UAE's focus on sustainable investments and the consequences for its regulatory environment


The United Arab Emirates ended 2023 by hosting COP 28. The resulting agreement was described as historic, as it was the first COP agreement to encourage countries to transition away from fossil fuels. However, the UAE has garnered allegations of using the conference to greenwash its reputation and sign fossil fuel deals on the sidelines.

Despite that apparent contradiction, the event highlighted the UAE’s consciously displayed commitment to investing in sustainability and increasing associated regulations. And, while the country continues to invest in fossil fuels in the immediate term, our assessment is that the Emirates’ climate-friendly commitments in public will steadily translate into increasingly serious green policies and regulations in practice. As that happens, companies will have to adapt their business practices to remain compliant and continue operating in the UAE.

A serious focus on sustainable investments despite oil and gas supremacy (for now)  

The UAE has made significant commitments to combat climate change, making sustainability part of its national strategy. It has repeatedly made pledges to be a leader in the climate transition, signing the Paris Climate Accords in 2016 and pledging in 2021 to achieve net zero carbon emission by 2050. In line with these commitments, the country has pushed state-owned companies to make their own environmentally-friendly commitments.

In few areas have these commitments been more visible than the financial sector as UAE companies, primarily state-owned entities, issued more green debt instruments in 2023 than companies in any other country in the Middle East. Emirati firms issued USD 7.95 billion in green bonds and sukuks, with major debut issuers including state-owned powerhouses of the UAE economy.

Even so, the country has been the target of numerous allegations of contradictions between this public strategy and the investment choices of its government and the companies it controls. For instance, while one of its main oil producing companies has pledged USD 15 billion to decarbonise its activities by 2030, it has also ramped up plans to expand its oil production. Similarly, the government has yet to announce rigid nationwide measures to reduce the carbon footprint of UAE households and companies.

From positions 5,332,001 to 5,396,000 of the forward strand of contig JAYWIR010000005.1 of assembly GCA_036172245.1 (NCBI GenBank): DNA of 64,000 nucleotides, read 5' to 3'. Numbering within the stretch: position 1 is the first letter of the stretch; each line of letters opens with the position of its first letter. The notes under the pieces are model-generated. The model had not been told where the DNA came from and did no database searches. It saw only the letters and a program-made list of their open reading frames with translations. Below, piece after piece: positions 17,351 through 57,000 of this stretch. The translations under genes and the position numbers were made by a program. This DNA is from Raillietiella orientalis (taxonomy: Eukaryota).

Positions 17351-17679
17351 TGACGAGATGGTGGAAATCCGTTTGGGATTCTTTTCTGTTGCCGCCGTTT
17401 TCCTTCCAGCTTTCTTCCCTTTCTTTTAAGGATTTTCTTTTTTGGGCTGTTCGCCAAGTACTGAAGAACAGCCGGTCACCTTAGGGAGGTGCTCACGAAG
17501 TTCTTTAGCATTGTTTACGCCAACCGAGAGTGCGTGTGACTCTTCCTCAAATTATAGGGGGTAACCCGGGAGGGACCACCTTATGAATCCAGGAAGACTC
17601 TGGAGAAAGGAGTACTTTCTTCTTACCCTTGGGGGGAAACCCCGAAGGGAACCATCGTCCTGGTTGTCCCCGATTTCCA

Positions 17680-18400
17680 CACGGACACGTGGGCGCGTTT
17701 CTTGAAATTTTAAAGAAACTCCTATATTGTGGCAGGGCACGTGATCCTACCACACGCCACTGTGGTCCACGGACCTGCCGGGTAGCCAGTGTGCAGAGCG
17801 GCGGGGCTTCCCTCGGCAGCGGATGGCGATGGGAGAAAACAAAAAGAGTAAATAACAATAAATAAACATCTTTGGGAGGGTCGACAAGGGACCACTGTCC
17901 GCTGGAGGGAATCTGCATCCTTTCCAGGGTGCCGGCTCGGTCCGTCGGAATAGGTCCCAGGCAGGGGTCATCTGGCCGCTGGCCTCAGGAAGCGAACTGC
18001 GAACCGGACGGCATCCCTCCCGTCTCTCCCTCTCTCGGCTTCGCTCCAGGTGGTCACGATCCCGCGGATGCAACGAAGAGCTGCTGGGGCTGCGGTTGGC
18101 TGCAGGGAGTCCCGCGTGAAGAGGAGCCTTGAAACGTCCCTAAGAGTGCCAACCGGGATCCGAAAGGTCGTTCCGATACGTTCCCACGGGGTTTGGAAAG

Nonetheless, all indications are that the UAE will further increase its financial commitments to sustainability even as it continues to invest in oil and gas in the short to medium term. To achieve its public pledges, it is likely that the country will eventually reduce its reliance on fossil fuels too. But, well before that point, it will continue encouraging companies, both state-owned and privately owned, to pursue environmentally friendly investments.

Increasingly complex regulatory environment…

One way in which we predict the UAE will seek to strengthen its sustainability commitments is by increasing regulation, including by requiring companies to conduct sustainability-focused due diligence on their counterparties and supply chains. It has already applied such measures in other areas, for example to combat money laundering and address failures that caused it to be on the Financial Action Task Force’s (FATF) ‘Grey List’ until 23 February 2024. While the UAE has not yet introduced similar laws to enforce its green finance agenda, we anticipate that it will increasingly look to draw on the existing legislation’s provisions to achieve those ends. 

For context, Law No. 20 of 2018, known as the AML Law, forms the bedrock of the UAE’s framework on combatting money laundering and terrorism financing, and brought long-awaited strength to the Emirates’ efforts to combat financial crime from a regulatory perspective. It outlined some fundamental measures required by the FATF such as the definition of money launderers, the mechanisms of Suspicious Activity Reports, and the supervision of Designated Non-Financial Businesses and Professions (DFNBPs). The AML Law imposed new requirements on financial institutions and DFNBPs to establish comprehensive AML/CTF programs. Among others, these programs must include strict customer due diligence and sanctions screening systems.